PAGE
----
For example, if you were to show them Les Miserables, they would quite enjoy the musical bits, but the Inspector's vendetta against Valjean would leave them completely baffled. Likewise, Fantine's treatment and fate would mystify them and they would be repulsed by the Thenardiers.
In Dawnwind, my protagonist has to explain what a 'murder mystery' is to one of his hosts.  The idea of a violent, antisocial act being used as fodder for entertainment mystifies him.  He remarks, quite frankly, that he would prefer a good comedy or a romance.
Agatha Christie, alas, would not find many admirers among the Junians.
Which, by a circuitious route, led me to consider the matter of fairytales.  Fairytales can reflect the core values of a culture.  Most of our fairytales would probably leave the Junians cold.  They would be the fodder of nightmares among them.  Hansel & Gretel, alone, would be enough to convince a typical Junian that humans probably deserved their fate.
But what would a Junian fairytale be like?  What morals or cultural lessons would a Junain fairytale strive to impart to a child?
Below, is an example of one such story.

Once there were a man and a woman who loved each other very much. They married and set up their house, but try as they might, they could not conceive a child.  They consulted physicians and sorcerers but none could help them. Finally, they spoke to a priest who told them to pray for a child, which they did.

One day, after bathing in a blue lake, the childless couple discovered a redfruit tree.  It was tall and slim, its limbs weighted down by succulent fruit.  The husband climbed the tree with his knife and began to cut the fruit, dropping it into his wife’s waiting arms.  

Then, near the top of the tree, the husband discovered a fruit redder than blood and much bigger than any of the others.  When he cut it free from the limb, the husband heard a wailing cry coming from the fruit.  He was so shocked that he almost dropped it.  Instead, clinging to the strange fruit, he quickly climbed down the tree.

On the ground, husband and wife examined the fruit.  They could both still hear the sound of a babe crying. Finally, the wife said, “Husband, cut the fruit open.”

The husband cut the fruit open and beneath the rind, they found a beautiful baby girl.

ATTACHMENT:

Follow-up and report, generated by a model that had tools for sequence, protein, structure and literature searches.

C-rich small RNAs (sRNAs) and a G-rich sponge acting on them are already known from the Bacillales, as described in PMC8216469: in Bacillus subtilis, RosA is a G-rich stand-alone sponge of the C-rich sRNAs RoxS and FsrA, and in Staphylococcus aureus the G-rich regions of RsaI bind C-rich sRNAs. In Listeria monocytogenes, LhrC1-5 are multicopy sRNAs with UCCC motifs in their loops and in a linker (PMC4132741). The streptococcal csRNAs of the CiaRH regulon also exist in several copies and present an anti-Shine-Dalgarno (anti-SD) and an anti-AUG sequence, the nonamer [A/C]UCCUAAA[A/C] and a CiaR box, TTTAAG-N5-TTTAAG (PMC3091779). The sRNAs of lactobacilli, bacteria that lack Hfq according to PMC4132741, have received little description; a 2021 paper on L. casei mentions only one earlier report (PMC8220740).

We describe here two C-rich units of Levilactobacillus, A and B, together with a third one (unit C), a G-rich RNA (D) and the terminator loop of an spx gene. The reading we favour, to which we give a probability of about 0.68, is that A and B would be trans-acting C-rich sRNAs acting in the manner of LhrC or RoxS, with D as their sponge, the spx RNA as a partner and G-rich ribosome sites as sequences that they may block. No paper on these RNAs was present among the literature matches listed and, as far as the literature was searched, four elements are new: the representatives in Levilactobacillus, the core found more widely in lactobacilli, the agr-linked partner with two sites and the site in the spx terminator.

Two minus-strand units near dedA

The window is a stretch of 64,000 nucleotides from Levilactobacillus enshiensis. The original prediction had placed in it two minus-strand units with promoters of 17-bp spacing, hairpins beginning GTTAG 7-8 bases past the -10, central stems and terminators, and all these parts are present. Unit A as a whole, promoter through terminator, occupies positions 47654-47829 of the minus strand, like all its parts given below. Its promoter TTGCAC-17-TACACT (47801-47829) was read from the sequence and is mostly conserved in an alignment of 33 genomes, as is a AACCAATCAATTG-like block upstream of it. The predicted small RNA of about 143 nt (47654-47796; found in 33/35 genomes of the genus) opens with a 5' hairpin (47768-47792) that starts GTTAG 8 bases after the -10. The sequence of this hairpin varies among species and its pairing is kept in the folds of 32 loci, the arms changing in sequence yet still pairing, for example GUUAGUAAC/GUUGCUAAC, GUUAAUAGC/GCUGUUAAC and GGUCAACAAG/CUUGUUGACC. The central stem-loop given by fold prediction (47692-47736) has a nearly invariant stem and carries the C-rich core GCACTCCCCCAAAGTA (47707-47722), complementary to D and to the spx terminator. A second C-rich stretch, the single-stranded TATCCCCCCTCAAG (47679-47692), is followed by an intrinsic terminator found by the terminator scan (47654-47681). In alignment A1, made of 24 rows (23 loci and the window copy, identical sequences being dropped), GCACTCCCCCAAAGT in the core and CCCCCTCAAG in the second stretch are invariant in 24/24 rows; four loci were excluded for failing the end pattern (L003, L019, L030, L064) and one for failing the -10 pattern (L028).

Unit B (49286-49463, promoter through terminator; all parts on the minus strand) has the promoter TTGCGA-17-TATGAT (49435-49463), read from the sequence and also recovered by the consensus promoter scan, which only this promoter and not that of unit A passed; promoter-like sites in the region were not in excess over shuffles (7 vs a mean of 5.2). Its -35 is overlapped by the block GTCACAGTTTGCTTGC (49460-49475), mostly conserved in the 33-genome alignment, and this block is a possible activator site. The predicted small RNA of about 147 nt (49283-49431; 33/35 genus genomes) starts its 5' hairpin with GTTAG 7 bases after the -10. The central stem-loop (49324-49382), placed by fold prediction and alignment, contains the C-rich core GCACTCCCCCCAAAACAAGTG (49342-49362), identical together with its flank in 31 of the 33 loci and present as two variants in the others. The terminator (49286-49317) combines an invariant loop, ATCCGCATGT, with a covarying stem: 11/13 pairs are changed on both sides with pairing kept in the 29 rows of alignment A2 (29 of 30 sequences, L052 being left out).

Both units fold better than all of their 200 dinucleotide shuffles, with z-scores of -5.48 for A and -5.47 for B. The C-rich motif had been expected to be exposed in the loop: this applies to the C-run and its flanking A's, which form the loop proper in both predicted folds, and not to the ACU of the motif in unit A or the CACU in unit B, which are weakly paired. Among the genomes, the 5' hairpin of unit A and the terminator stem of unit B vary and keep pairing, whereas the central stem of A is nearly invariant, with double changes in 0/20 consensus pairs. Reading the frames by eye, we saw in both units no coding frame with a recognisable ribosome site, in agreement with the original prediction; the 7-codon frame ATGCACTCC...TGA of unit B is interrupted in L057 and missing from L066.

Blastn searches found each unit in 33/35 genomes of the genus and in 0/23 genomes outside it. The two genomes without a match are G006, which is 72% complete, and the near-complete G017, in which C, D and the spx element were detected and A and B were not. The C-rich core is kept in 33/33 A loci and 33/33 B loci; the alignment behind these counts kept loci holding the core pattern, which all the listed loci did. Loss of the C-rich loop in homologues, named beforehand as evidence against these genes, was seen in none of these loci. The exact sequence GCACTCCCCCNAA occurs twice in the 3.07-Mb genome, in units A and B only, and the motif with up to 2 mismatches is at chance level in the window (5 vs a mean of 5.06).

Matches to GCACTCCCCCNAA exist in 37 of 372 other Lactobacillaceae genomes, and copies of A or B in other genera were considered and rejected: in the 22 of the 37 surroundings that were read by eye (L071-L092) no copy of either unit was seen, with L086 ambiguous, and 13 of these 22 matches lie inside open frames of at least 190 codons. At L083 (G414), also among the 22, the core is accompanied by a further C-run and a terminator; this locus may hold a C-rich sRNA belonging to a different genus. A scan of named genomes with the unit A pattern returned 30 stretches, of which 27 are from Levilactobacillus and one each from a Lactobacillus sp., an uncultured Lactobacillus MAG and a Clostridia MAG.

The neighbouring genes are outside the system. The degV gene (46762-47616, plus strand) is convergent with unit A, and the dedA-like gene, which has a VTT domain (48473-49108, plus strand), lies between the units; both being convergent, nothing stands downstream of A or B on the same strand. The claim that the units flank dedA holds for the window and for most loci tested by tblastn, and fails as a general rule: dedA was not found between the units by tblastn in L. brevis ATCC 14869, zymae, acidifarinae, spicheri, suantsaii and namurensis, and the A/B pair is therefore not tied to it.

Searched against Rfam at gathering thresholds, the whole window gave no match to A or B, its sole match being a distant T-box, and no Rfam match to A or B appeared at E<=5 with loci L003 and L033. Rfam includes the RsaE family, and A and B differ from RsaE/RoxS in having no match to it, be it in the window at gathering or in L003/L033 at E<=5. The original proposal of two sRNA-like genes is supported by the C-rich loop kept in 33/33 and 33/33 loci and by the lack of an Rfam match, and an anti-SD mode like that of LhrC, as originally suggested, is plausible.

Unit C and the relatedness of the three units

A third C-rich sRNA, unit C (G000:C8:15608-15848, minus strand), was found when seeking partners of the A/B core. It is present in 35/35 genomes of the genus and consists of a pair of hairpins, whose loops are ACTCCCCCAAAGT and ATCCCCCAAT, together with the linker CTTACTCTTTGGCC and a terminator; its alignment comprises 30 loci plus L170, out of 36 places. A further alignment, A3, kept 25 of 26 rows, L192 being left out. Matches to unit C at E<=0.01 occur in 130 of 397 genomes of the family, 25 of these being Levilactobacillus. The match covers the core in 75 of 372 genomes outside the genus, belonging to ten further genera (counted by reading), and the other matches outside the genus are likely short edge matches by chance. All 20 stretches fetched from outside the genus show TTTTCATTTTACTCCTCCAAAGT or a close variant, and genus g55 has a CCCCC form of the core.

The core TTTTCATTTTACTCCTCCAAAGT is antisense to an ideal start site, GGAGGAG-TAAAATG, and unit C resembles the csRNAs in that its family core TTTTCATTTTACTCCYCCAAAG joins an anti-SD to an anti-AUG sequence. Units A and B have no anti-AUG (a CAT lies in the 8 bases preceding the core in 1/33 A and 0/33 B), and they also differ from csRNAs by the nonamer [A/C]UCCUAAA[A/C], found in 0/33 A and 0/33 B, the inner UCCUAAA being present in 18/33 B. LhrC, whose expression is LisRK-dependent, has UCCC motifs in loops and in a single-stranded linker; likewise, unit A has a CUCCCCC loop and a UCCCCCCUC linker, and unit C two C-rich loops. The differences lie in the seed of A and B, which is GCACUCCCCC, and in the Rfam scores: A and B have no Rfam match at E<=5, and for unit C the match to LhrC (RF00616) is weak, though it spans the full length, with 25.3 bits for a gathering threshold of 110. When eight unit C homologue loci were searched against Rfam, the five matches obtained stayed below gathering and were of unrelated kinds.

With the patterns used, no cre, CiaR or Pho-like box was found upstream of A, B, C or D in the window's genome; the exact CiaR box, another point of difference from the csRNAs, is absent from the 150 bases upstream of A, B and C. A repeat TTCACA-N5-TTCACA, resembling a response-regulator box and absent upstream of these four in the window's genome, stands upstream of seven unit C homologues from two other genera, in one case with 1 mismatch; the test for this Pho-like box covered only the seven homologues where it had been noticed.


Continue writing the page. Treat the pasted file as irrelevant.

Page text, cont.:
The wife immediately gathered the weeping infant into her arms.  No sooner had the child been clasped to the woman’s breast than its cries ended, replaced by gurgles of delight.

“We have found our daughter,” said the woman.

“Yes, we have,” agreed the man.

They took the baby home with them and named her Tasoti.

Tasoti grew into a loving, friendly child.  Everyone who met her loved her and she had many, many friends.

Then, one day, Tasoti came to her parents and said, “I must go home.”

“You are home, child,” said her mother.

“No,” said Tasoti. “I must go home to the tree where you found me.”

Now, this caused great alarm to boil in the hearts of her parents, for they had never told Tasoti her origin.

“Why must you go?” asked her father.

“It is time,” said Tasoti. “I must go home.”

At first her parents refused to let her leave, but every day Tasoti would come up to them and say, “I must go home.”

And every day her loving parents said, “No.”

Time passed and Tasoti began to look tired and worn.  Her lush red hair grew thin and brittle, she lost weight and would not eat.  Every night she would cry herself to sleep.

Her parents’ hearts were torn by her suffering, until, one day, when Tasoti told them she must go home, they nodded in solemn accordance and said, “Yes. We will take you home.”

Tasoti smiled and her parents rose and took her hands and led her to the blue lake and the redfruit tree where they had discovered her so many years ago.

At the tree, Tasoti turned and hugged her mother and father, then walked up to the redfruit tree.  She wrapped her arms around its slender trunk and sighed.

“I am home.”

And, as her parents watched, Tasoti melted into the tree and was gone.

Her parents returned to their house, where they mourned her loss, and then celebrated her life.  And every year, on the anniversary of her birth, they would go to the redruit tree. There, they would hang garlands of flowers on its slender limbs, to remember their loving daughter and to thank the gods for sending her to them, even if she could not stay.

Tuesday, January 6, 2015


Some days are bad.
Those are the days,
I want to take off my skin
and look down,
to see what new thing
I have become.

Some days are worse.
Those are the days,
I want to open my head,
and rummage around,
taking the bad thoughts
out of my brain,
leaving only the good.

Some days are indescribable.
Those are the days
when no change will make
any difference,
so I sit and am still.

Some days are good.
Those are the days,
I close my eyes and look
inside myself and all I
see is the promise of light.

Some days are better than good.
Those are the days,
when it feels like I could sprout feathers,
grow wings, and ride the light breezes
up beyond the moon and behind the stars.

Some days just are.
Those are the days, gray as snails,
when I am unremarkable,
plodding along,
foggy headed,
just another piece in the machine.

Some day is today.